11 - What kind of writing routine do you tend to keep, or do you even have one? How does a typical day (for you) begin?
I write in the morning. Coffee, newspaper, write poetry. Three mornings a week I jog first.

12 - When your writing gets stalled, where do you turn or return for (for lack of a better word) inspiration?
My writing doesn't get stalled.

13 - What fragrance reminds you of home?
Creosote after the once-a-year rain.

14 - David W. McFadden once said that books come from books, but are there any other forms that influence your work, whether nature, music, science or visual art?
Hugely influenced by music and visual art, also nature or my memories of it, conversation and the interaction of bodies in daily life, the theater, etc.

15 - What other writers or writings are important for your work, or simply your life outside of your work?
Oh just anything. I read in a peculiar manner nowadays and rarely seem to finish books exactly, I live with them taking a bite out of this one and that one, sometimes the same ones for years. I've recently been in a period with Latin classics, so, you know, I'm sharing my imaginative space with these men in togas whom I see as short and somewhat brown, though who knows? I read a lot of ancient literature, thinking of the authors as people from another dimension.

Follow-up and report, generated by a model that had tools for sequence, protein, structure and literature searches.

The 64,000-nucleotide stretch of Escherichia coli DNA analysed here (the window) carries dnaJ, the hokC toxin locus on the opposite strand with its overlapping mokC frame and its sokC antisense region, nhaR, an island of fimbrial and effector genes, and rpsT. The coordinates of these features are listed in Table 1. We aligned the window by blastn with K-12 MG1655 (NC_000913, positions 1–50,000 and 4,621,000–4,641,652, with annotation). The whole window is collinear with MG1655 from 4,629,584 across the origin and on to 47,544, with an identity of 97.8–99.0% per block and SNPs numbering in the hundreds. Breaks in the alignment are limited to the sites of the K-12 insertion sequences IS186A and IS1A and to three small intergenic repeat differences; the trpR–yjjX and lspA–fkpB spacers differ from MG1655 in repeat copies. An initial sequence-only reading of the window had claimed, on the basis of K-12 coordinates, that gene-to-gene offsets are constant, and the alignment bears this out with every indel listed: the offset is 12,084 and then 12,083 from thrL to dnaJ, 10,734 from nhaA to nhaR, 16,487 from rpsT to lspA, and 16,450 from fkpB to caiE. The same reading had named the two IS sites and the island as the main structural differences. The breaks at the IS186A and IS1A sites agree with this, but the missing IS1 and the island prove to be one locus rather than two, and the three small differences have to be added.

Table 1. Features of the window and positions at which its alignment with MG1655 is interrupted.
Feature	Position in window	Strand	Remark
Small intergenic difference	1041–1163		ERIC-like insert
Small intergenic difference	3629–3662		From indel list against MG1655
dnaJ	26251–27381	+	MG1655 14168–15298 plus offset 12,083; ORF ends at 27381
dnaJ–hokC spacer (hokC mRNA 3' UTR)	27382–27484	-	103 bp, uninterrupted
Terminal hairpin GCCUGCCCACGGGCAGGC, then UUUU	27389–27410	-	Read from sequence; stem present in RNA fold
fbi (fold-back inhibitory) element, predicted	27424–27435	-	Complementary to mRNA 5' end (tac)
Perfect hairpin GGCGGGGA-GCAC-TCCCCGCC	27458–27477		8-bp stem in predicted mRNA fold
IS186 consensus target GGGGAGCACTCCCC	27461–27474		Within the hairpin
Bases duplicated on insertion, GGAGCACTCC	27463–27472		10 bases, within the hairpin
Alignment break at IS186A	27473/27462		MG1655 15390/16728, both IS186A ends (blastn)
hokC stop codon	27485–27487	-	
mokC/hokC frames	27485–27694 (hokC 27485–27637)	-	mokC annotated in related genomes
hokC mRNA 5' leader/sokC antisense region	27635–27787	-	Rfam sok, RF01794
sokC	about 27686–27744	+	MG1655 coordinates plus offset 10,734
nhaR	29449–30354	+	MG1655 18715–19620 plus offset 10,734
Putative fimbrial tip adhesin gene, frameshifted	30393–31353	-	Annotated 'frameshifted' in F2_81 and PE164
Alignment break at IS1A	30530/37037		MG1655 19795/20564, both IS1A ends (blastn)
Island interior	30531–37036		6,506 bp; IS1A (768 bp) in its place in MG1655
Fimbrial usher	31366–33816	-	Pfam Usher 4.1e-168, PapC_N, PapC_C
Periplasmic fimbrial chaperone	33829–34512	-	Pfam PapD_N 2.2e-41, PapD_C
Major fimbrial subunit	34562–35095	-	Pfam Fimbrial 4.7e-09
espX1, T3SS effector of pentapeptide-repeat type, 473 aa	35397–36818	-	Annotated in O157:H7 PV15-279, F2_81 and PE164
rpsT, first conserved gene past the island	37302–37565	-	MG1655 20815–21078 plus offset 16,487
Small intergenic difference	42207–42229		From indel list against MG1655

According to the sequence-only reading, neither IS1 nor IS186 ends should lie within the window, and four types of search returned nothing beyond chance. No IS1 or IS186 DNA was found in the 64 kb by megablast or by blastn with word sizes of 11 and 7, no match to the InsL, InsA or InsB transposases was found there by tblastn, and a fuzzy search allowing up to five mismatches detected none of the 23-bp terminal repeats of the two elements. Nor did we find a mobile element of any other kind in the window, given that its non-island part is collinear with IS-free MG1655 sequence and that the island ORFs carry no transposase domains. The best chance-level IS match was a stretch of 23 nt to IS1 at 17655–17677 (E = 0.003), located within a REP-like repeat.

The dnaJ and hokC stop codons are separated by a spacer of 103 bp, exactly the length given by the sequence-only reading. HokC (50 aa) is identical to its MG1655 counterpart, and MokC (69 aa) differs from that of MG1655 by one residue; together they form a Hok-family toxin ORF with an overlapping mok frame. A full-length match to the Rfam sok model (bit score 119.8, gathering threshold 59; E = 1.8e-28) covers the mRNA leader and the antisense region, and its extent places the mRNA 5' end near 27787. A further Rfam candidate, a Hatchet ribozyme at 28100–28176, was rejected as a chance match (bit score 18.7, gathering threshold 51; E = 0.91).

16 - What would you like to do that you haven't yet done?
All that traveling, but in my younger body.

17 - If you could pick any other occupation to attempt, what would it be? Or, alternately, what do you think you would have ended up doing had you not been a writer?
I was/am poet period.

18 - What made you write, as opposed to doing something else?
Nothing. It seemed obvious.

19 - What was the last great book you read? What was the last great film?
Probably The Petting Zoo by Jim Carroll. I put off reading it for several years because his death was still too close, then sat down and read it like a real book from beginning to end. I had this extraordinary experience, reading it, that each single sentence was written for me to understand and that perhaps I was the only person who could understand it. As for films, I rarely see them. So probably the last great film was, say, The Searchers. I mean I can always say that. It is an utterly amazing film.

20 - What are you currently working on?
I'm trying to destroy the line, or make the words and thoughts in it as simultaneous as possible, or make all the parts of the poem be simultaneous, yet still be voiced.